3:50 a.m. ET, September 18, 2020

The pandemic didn't solve climate change. This week's disasters are proof

From CNN's Eliza Mackintosh

If you thought Covid-19 restrictions, like enforced lockdowns and social distancing, would put a lasting dent in our collective carbon footprint and save the world from warming, you were mistaken.

Earlier this year, in the midst of a horrific news cycle and a rapidly mounting death toll, that notion was a welcome silver lining to the pandemic.

As people around the world stayed at home to stop the spread of the coronavirus, greenhouse gas emissions from the energy and transport industries plummeted, dropping to record lows.

But it may have given some a false sense that the worst effects of climate change were being mitigated.

They're not.

Unfolding disasters: Just in the past week, we learned that massive glaciers are tearing loose from the Antarctic and Greenland ice sheets, driven by increasingly high temperatures at the poles, and, in turn, accelerating sea level rise and posing enormous threats to the millions of people living in coastal areas.

Meanwhile, devastating wildfires, fueled by hot, dry winds and "tinderbox" conditions, have scorched millions of acres across the western United States, triggering mass evacuations, claiming dozens of lives and sending smoke haze billowing across the country, as far as Europe.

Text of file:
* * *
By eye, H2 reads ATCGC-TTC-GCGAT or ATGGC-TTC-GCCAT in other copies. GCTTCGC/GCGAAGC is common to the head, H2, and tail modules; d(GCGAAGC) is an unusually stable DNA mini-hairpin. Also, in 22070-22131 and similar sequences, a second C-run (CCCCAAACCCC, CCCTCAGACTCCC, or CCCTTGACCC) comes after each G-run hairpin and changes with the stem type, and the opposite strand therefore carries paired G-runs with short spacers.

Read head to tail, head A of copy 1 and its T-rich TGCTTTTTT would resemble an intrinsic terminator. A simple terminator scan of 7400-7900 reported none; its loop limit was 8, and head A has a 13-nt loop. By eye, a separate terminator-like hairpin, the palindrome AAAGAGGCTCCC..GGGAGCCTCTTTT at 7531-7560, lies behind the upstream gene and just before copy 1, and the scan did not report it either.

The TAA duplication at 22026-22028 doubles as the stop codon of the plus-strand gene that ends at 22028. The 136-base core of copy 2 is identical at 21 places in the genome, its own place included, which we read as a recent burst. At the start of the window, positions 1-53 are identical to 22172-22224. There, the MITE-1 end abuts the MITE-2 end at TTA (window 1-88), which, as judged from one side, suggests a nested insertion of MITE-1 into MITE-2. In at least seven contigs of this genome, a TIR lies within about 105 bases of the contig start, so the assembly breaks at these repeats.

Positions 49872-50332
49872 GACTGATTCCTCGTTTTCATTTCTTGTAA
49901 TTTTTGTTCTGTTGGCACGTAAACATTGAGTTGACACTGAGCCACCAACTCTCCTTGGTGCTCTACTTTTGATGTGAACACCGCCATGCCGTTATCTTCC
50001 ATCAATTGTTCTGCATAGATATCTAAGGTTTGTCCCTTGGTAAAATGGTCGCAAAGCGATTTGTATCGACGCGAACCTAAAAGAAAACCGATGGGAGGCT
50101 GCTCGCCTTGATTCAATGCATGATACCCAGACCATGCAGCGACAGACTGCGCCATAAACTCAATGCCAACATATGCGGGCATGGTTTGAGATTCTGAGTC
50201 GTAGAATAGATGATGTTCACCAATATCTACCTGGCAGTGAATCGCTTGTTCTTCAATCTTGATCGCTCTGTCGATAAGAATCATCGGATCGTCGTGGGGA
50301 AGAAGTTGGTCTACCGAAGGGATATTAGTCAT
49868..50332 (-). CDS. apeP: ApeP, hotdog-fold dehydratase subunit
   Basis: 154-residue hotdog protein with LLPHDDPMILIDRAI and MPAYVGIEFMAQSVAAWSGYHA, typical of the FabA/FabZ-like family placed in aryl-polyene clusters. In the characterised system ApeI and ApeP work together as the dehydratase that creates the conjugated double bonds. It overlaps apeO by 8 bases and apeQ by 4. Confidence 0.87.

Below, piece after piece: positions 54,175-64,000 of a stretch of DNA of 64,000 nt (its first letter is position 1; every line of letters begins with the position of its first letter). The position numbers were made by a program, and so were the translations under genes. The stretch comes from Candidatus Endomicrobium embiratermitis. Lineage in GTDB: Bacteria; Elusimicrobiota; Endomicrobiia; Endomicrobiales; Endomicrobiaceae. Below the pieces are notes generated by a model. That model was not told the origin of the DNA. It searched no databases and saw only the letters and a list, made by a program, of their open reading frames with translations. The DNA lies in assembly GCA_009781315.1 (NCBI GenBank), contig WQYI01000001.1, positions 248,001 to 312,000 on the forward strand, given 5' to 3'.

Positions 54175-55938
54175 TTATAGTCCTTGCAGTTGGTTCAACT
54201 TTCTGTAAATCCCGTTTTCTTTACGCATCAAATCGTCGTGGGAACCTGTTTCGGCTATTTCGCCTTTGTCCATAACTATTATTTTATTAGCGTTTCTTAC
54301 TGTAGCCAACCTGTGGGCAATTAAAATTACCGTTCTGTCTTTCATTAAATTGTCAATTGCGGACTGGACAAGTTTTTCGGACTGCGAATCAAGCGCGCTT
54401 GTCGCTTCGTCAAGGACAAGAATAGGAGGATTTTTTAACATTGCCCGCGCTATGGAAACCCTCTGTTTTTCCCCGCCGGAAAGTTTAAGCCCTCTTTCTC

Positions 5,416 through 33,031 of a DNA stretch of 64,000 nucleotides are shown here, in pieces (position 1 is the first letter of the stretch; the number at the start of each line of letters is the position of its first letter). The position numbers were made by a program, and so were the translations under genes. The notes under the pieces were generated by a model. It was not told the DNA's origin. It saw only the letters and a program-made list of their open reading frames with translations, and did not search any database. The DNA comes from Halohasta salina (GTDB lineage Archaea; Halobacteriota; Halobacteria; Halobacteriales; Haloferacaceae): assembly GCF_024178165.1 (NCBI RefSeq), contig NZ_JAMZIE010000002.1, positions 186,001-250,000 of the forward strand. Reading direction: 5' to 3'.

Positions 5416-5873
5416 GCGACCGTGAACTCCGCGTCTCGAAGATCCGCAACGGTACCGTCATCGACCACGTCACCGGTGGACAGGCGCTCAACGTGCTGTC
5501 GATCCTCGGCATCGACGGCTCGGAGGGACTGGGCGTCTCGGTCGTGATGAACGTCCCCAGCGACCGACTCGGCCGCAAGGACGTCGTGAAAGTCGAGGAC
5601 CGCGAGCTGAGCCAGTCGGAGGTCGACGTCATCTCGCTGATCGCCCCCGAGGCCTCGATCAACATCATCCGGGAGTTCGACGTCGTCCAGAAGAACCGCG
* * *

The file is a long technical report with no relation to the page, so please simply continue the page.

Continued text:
If that wasn't enough, the Atlantic is also having one of its busiest hurricane seasons on record, spurred by warm sea surface temperatures. To give you a sense of just how busy: Hurricane Sally, which blew ashore as a Category 2 hurricane early Wednesday in Alabama, was one of five tropical cyclones in the Atlantic on Monday -- a phenomenon that's happened only once before, almost 50 years ago.

Climate crisis: All of these extreme weather events can be linked to global warming, caused by rising levels of carbon dioxide and other heat-trapping greenhouse gases in the atmosphere, mainly from humans burning fossil fuels.

They're grim reminders that the world has a much bigger existential crisis on its hands than Covid-19. And it will take a lot more than a few months of forgoing air and car travel to stop it.

Read the full story:

3:23 a.m. ET, September 18, 2020

UK health secretary doesn't rule out new lockdown, calls it "last line of defense"

From CNN’s Vasco Cotovio in London

British Health Secretary Matt Hancock does not rule out another national lockdown to stop the spread of the novel coronavirus in the United Kingdom, but says that is “the last line of defense.”

“We will do what is necessary to keep people safe,” he told Sky News in an interview early on Friday, when asked if a second national lockdown was being considered. “It isn't something that we ever take off the table, but it isn't something that we want to see either.”

Hancock explained that a national lockdown would be the last in a list of measures the government has at its disposable to slow down the spread of the virus.